I recalled that often our judges and the branch's administrative personnel host foreign judges, from both democratic and non-democratic countries, who visit to discuss and receive information on the specifics, the "how", of our independent courts. Whether in war or peace, it is commonly recognized that an organized justice system must always underline what the world calls "civilized society".
At this year's Law Day ceremony, Chief Justice Sullivan observed that while the preservation of independent courts is everyone's duty, it is a responsibility that is fulfilled more easily in concept than in practice. Outrageous crimes and unsympathetic parties can stretch the reaches of public passion. Against a tide of overwhelming public opinion, the concept that independence of judicial decisions must be protected can be sorely tested. It often falls to attorneys to actively defend the fundamental principle that judges must be free from public pressure in order to fulfill our constitutional obligation to make independent decisions, however unpopular those decisions may be.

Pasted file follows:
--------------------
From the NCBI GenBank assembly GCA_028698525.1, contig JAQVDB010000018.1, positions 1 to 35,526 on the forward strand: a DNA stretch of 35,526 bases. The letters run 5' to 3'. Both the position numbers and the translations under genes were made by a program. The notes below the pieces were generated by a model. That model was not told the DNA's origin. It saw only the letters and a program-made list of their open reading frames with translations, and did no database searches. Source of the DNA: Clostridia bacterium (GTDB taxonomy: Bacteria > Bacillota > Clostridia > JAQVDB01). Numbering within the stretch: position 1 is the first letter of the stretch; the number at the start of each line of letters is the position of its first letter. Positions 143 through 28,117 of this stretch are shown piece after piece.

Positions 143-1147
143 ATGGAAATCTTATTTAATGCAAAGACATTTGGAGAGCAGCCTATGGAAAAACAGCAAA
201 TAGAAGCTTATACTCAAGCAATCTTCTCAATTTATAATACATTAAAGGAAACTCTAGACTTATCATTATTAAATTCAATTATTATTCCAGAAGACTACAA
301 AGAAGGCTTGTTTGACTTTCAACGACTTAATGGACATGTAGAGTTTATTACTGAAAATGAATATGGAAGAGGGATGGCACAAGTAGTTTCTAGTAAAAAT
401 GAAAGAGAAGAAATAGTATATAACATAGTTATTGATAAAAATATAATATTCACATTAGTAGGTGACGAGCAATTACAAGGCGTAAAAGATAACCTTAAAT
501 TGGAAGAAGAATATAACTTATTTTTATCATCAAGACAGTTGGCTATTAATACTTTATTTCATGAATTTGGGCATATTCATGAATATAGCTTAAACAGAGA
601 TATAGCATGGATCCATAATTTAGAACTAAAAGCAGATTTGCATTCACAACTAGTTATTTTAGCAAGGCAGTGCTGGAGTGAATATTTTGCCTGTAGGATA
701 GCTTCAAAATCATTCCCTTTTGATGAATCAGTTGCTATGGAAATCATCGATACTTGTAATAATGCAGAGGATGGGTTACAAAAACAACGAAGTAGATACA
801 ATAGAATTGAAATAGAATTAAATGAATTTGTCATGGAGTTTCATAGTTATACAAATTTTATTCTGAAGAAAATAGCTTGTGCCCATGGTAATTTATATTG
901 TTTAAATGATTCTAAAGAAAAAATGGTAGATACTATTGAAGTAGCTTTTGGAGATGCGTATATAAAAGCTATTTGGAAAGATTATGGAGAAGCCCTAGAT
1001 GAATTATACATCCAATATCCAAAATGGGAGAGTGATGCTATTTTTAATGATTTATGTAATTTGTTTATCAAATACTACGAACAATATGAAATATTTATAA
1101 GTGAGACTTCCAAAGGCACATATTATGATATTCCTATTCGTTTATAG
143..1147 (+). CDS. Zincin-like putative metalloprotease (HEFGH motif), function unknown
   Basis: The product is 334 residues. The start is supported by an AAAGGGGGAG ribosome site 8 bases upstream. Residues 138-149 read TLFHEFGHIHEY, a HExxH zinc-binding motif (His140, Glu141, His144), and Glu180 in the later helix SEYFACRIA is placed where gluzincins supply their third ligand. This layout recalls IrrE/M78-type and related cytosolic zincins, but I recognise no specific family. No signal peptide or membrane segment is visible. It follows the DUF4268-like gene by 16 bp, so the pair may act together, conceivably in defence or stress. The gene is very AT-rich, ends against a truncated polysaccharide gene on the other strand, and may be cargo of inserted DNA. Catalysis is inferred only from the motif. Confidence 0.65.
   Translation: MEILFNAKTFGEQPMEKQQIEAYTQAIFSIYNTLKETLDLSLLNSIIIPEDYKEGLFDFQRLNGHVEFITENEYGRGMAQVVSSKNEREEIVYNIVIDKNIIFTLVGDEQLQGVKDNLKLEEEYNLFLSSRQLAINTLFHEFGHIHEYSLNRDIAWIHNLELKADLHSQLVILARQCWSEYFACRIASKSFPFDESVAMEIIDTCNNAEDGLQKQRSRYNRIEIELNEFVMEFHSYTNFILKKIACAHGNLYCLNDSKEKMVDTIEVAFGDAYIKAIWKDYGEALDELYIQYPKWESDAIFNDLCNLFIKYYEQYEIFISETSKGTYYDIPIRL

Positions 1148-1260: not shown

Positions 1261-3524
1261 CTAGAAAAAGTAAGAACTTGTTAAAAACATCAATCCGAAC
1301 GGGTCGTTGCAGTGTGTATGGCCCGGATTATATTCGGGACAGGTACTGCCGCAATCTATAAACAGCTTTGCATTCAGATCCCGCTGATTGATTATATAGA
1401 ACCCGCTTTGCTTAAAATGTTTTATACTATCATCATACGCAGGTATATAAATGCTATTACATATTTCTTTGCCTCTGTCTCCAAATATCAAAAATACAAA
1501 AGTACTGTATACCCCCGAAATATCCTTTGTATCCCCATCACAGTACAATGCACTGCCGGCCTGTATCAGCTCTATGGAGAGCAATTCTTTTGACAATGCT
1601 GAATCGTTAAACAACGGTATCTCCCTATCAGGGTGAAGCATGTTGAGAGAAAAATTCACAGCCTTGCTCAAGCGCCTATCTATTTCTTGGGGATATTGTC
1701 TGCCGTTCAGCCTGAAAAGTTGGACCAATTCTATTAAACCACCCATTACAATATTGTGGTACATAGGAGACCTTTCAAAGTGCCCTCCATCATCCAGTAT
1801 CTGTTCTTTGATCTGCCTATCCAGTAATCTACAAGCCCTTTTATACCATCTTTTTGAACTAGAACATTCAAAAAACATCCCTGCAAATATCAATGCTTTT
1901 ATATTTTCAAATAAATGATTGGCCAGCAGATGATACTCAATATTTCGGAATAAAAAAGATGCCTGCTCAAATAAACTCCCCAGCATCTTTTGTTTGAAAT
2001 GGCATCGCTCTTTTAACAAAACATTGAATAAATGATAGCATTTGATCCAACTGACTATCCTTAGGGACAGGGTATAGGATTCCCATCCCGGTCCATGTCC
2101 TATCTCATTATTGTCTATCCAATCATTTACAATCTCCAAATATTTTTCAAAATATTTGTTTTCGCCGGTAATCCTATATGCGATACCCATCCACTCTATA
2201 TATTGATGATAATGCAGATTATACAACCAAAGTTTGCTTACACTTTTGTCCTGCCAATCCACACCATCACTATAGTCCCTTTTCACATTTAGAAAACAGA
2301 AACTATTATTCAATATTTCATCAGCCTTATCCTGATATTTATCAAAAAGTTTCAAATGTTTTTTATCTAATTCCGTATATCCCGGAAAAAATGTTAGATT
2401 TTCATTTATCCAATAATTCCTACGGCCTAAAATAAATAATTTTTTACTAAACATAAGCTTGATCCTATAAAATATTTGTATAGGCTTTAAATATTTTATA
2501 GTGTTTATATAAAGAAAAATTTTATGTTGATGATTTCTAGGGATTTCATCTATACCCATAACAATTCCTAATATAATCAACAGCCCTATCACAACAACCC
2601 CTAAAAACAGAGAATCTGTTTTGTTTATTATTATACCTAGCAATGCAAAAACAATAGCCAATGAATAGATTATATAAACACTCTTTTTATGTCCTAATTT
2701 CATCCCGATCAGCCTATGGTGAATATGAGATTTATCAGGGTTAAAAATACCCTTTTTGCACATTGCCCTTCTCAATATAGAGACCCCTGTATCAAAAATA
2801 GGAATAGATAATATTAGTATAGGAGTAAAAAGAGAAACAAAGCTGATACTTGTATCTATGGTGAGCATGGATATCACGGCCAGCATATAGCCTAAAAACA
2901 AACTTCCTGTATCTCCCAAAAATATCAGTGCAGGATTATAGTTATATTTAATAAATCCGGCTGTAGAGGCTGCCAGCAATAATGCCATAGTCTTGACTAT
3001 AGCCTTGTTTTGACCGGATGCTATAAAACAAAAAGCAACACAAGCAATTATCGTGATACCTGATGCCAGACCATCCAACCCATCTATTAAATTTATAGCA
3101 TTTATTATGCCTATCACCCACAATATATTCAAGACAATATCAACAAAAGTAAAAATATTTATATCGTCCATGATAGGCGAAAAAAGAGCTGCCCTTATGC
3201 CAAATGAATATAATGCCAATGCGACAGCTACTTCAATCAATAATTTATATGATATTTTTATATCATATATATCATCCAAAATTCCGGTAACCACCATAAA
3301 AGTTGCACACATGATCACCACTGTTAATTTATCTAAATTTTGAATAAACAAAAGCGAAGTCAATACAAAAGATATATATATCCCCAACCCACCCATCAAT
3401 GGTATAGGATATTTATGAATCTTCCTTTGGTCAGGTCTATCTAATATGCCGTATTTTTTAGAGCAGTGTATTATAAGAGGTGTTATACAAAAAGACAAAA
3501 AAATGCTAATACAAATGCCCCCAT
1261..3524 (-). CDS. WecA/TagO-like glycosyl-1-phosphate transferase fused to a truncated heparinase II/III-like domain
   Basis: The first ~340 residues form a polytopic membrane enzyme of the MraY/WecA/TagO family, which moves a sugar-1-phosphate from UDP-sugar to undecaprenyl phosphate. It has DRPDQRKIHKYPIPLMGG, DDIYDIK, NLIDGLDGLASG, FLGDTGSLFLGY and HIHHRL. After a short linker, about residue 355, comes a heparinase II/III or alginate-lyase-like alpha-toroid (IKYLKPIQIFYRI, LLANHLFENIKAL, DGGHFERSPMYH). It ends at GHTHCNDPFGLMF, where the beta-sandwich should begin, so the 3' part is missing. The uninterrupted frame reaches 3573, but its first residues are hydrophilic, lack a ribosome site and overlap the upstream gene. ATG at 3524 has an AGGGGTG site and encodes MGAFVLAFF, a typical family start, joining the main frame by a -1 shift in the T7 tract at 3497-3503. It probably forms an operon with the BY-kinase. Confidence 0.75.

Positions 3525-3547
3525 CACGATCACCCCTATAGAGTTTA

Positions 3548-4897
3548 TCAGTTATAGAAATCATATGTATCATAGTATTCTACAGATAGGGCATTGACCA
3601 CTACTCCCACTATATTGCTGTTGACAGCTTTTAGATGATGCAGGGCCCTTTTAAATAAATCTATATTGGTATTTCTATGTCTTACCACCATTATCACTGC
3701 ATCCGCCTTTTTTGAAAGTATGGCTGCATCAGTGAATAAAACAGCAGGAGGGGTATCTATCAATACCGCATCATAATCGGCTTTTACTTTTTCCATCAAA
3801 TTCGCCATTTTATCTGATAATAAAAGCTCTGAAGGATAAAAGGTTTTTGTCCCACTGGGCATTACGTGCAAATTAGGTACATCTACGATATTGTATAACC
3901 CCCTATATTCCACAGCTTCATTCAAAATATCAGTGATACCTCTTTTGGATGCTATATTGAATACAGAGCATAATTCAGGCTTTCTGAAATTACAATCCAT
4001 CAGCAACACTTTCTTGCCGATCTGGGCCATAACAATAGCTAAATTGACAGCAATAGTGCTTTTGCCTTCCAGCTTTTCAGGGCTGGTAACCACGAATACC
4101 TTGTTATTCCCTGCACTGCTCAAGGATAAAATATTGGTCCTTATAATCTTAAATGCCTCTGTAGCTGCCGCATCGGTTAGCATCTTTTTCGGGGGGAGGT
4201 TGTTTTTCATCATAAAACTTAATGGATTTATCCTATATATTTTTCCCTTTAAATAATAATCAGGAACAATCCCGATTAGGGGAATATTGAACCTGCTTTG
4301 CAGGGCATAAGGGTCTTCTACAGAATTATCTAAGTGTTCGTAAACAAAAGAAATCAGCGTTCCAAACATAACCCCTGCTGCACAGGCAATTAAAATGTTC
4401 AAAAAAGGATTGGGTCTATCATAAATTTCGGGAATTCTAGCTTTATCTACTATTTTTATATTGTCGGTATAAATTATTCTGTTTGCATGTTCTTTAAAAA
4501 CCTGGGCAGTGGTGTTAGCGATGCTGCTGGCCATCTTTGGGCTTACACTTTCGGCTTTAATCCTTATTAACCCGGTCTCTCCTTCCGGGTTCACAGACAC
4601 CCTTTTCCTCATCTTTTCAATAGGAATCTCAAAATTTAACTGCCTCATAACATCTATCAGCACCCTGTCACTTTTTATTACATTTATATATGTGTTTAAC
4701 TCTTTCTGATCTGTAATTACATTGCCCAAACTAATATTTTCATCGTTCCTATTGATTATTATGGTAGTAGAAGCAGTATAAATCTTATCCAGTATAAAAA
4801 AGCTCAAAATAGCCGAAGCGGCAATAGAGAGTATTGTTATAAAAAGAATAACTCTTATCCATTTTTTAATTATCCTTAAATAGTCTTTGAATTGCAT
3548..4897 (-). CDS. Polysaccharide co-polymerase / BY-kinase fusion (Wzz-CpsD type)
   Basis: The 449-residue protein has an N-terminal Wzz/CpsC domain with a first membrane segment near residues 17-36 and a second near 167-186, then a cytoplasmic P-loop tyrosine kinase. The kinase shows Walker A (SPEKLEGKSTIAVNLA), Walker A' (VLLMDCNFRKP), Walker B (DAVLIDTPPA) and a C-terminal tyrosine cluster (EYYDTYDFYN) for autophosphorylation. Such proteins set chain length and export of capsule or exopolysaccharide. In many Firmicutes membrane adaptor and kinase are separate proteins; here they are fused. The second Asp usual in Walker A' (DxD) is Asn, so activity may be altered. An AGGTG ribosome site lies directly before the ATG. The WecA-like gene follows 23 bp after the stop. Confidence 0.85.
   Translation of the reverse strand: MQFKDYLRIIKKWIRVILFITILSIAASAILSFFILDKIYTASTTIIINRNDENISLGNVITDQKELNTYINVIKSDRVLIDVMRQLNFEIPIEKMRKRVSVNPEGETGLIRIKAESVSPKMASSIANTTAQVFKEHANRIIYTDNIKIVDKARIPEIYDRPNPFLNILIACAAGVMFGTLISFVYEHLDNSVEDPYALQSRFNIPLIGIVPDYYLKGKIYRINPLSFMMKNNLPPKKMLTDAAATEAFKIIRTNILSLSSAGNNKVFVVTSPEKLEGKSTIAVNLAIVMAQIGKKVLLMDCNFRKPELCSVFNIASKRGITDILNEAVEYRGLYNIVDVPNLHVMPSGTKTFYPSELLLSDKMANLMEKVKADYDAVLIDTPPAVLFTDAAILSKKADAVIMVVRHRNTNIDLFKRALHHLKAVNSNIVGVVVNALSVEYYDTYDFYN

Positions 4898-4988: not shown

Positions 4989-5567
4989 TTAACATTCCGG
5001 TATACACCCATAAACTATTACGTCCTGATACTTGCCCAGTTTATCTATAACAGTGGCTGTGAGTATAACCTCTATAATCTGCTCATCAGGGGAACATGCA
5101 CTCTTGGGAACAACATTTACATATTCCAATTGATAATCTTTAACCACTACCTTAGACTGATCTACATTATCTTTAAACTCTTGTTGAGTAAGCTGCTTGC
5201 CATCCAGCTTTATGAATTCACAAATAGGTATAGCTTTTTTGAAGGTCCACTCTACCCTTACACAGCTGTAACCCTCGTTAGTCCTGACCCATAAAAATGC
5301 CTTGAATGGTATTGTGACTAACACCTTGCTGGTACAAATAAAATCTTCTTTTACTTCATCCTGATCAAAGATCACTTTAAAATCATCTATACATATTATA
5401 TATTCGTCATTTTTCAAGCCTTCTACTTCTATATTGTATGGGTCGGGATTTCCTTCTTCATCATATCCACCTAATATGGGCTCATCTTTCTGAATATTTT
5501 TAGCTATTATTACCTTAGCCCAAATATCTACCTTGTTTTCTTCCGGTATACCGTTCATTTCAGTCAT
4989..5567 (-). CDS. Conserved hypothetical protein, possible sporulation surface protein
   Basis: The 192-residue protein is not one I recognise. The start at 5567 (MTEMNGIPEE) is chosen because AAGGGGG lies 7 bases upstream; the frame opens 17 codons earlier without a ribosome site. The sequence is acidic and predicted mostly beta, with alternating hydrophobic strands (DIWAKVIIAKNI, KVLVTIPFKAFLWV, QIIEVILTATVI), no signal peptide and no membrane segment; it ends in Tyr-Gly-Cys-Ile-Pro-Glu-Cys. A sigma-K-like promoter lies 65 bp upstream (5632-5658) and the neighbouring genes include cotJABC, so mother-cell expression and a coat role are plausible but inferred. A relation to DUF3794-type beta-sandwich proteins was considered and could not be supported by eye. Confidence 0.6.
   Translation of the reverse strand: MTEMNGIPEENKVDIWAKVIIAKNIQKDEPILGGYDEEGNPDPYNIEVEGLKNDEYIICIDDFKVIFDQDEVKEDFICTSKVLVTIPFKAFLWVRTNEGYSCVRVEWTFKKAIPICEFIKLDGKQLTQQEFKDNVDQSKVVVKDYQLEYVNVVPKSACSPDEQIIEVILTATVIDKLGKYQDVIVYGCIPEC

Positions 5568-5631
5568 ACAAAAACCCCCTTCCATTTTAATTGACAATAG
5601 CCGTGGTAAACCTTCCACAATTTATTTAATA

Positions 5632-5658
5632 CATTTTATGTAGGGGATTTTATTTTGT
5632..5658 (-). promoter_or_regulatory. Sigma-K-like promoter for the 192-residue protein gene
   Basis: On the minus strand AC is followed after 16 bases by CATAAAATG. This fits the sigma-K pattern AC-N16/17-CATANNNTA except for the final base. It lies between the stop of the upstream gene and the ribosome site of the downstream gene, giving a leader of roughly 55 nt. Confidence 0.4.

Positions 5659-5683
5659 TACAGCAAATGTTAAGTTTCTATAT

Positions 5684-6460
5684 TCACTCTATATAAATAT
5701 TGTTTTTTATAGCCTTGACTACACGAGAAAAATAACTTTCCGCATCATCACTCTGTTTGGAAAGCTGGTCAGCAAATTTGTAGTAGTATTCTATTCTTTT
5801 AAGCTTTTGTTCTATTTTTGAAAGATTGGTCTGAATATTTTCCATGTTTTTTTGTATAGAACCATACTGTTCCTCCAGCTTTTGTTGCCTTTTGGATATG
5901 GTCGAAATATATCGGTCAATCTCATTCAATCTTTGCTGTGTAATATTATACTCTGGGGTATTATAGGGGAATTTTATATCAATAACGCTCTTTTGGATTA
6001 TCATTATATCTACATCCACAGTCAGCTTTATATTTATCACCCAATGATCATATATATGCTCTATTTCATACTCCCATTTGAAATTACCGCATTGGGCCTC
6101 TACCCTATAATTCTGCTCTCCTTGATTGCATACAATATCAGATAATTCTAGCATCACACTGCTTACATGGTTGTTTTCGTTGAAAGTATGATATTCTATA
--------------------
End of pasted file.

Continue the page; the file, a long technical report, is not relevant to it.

Most of us well removed from the immediacy of law school would have a difficult time reciting the facts of Miranda v. Arizona. Convicted of kidnapping and rape, Ernesto Miranda was surely an unpopular figure to the law abiding citizens of Arizona. But the negative public opinion attending that case did not discourage a courageous decision from being issued. Chief Justice Earl Warren stood tall in the face of calls for his impeachment. Today the concept of Miranda rights, imbedded in American arrest procedure, is universally recognized.
Unfortunately, the concept of judicial independence is not as well understood. It is often misinterpreted to be for the benefit of judges. It is not. Rather, judicial independence protects all of us. It is to ensure that decisions concerning individual rights of expression, assembly, religion, and more, can be protected. It is to ensure that decisions will be made based solely on the rule of law.